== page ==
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By Regis Nhumba

The introduction of the Coronavirus (COVID-19) vaccines created a hype on social media and mainstream media platforms. For me, social media was my main source of information. However, the flood of information was so contradictory and caused me a lot of confusion.

COVID-19 vaccination programmes is slowly becoming mandatory in Zimbabwe as the government seeks to contain the spread of the deadly virus. Photo:

On one hand, I read information from organisations such as the World Health Organisation (WHO) encouraging people to get vaccinated. On the other hand there were anonymous sources, unverifiable experts and activists who were questioning the effectiveness of the vaccines in treating COVID-19.

Initially the Government indicated that the vaccination programme was voluntary and no…

By Regis Nhumba

Joyce Chikomo (21) says her life will never be the same again after she had a brutal, all night sexual encounter with her ex-boyfriend. She alleges her ex-boyfriend had taken sex enhancing drugs without her knowledge and forced himself on her the whole night.

Sex enhancing drugs at tertiary institutions are reportedly on the rise amid concerns by young women that the drugs violate their sexual rights. Photo:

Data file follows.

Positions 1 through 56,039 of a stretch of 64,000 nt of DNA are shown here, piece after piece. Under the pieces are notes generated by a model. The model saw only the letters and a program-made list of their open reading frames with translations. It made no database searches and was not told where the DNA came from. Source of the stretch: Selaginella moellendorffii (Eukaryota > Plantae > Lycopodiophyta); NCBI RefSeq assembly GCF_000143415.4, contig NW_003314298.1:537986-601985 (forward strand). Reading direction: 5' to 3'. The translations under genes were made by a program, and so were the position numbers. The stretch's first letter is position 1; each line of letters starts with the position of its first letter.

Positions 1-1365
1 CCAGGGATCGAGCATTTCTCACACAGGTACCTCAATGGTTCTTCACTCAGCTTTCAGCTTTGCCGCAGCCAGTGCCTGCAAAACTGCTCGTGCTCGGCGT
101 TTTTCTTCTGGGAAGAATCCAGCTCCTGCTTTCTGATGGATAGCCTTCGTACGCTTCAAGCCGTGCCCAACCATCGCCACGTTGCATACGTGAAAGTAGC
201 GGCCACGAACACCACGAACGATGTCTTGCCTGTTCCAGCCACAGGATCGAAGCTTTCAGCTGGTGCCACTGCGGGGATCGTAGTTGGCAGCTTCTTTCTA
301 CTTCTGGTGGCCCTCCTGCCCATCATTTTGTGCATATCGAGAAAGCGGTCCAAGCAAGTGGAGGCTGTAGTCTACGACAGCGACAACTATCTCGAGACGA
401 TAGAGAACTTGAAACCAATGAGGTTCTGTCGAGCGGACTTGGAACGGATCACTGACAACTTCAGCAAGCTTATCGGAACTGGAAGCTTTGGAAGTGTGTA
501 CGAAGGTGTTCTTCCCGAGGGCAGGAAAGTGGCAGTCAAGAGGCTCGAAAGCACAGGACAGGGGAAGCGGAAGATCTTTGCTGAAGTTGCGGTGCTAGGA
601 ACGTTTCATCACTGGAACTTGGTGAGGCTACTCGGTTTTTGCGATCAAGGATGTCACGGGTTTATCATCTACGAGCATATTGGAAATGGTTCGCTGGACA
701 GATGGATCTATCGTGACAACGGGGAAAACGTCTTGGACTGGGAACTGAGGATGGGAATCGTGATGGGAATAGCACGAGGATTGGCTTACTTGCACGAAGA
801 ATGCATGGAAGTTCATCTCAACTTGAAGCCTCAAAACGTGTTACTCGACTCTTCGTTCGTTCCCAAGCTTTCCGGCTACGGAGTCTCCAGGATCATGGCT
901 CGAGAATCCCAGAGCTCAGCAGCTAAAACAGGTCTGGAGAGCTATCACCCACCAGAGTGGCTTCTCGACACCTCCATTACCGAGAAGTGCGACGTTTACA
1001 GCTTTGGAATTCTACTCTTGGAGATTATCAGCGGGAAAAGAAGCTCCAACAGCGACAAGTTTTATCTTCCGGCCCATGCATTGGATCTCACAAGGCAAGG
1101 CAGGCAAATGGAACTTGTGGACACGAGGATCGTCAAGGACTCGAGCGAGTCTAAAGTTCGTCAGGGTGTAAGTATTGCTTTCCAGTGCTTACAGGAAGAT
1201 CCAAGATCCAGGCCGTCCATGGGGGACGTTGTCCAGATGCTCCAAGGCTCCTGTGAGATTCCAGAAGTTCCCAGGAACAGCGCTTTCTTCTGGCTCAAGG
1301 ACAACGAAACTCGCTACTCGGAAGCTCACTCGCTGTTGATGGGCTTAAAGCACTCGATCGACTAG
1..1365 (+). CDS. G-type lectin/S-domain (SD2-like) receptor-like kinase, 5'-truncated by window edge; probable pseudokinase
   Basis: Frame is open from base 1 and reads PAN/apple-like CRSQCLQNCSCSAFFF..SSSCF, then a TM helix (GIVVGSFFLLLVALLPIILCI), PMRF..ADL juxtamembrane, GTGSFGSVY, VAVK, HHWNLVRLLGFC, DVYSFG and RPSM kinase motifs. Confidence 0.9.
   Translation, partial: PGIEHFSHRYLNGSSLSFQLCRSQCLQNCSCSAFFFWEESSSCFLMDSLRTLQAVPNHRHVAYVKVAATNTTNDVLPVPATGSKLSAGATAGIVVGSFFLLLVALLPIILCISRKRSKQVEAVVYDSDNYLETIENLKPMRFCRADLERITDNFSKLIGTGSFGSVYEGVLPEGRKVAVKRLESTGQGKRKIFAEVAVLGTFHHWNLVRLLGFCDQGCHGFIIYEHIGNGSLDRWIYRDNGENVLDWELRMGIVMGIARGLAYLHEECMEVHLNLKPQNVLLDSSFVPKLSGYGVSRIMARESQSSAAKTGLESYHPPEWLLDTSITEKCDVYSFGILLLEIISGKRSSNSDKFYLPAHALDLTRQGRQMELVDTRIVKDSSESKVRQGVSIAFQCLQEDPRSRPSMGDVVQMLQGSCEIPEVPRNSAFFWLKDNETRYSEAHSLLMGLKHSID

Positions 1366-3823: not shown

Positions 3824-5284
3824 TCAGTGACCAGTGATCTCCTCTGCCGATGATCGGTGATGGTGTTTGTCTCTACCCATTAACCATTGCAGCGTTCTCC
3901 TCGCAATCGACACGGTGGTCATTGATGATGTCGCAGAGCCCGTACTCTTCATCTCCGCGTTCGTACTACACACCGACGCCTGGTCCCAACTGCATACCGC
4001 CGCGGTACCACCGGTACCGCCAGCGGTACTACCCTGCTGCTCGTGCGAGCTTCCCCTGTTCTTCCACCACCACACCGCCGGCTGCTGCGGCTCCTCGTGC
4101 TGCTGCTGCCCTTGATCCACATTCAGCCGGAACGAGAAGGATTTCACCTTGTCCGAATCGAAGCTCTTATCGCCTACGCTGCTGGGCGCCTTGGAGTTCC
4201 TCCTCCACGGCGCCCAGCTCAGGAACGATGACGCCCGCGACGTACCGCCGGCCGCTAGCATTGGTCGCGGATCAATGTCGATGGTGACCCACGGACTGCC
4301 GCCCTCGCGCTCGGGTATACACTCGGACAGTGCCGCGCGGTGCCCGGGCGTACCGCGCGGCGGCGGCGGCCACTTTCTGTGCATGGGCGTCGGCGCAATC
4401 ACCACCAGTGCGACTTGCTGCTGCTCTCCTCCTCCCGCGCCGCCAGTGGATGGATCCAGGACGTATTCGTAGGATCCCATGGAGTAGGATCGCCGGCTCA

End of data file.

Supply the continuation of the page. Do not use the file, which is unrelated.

Now Joyce feels her right to experience safe and pleasurable sex was violated. She has since terminated the relationship but is bitter about her last sexual encounter.

“I was left traumatised by the encounter. I had heard a lot of my peers talking about the ‘blue diamonds’, a sex enhancing drug that seems…

By Lubalethu Ndlovu

Jacqueline Ndlovu (34) is an informal trader from Mpopoma, one of the oldest suburbs in Bulawayo. Jacqueline says when COVID-19 hit the world early in 2020, it took time for her to adjust to the new normal. But before she had settled, there was massive violence and looting of businesses that took place mainly in KwaZulu-Natal and Gauteng provinces from 9 to 17 July 2021.

A member of the South African Defence Force (SADF) patrols a mall vandalised by rioters. Cross border traders in Zimbabwe fear that the violence may destroy their enterprises. Photo:

Jacqueline says the majority of women in Bulawayo survive by cross border trading where they buy different wares from South Africa for re-sale in Zimbabwe. …

By Julie Ndlela

To say l was terrified is an understatement. The thought of an injection made me think over a lot, which became the main reason for my procrastination.

Besides the fact that l am scared of an injection, going to get a jab that has people talking negatively about, one with many unanswered questions terrified me.

Vaccination centres in Bulawayo are often crowded and this deters some people who want to get vaccinated. Photo: Julie Ndlela

When the semester opened in June, we were told that the University clinic had the vaccine. Some students quickly grabbed the opportunity to get vaccinated, but some like me still had unanswered questions. …

By Lubalethu Ndlovu

I distinctly recall the day I was vaccinated. It was on the 19th of April 2021. I had no intention of getting vaccinated because I was still riding high on the conspiracy theories.

The United Bulawayo Hospital is one of the centres where COVID-19 vaccination is done. Photo: Bulawayo24 news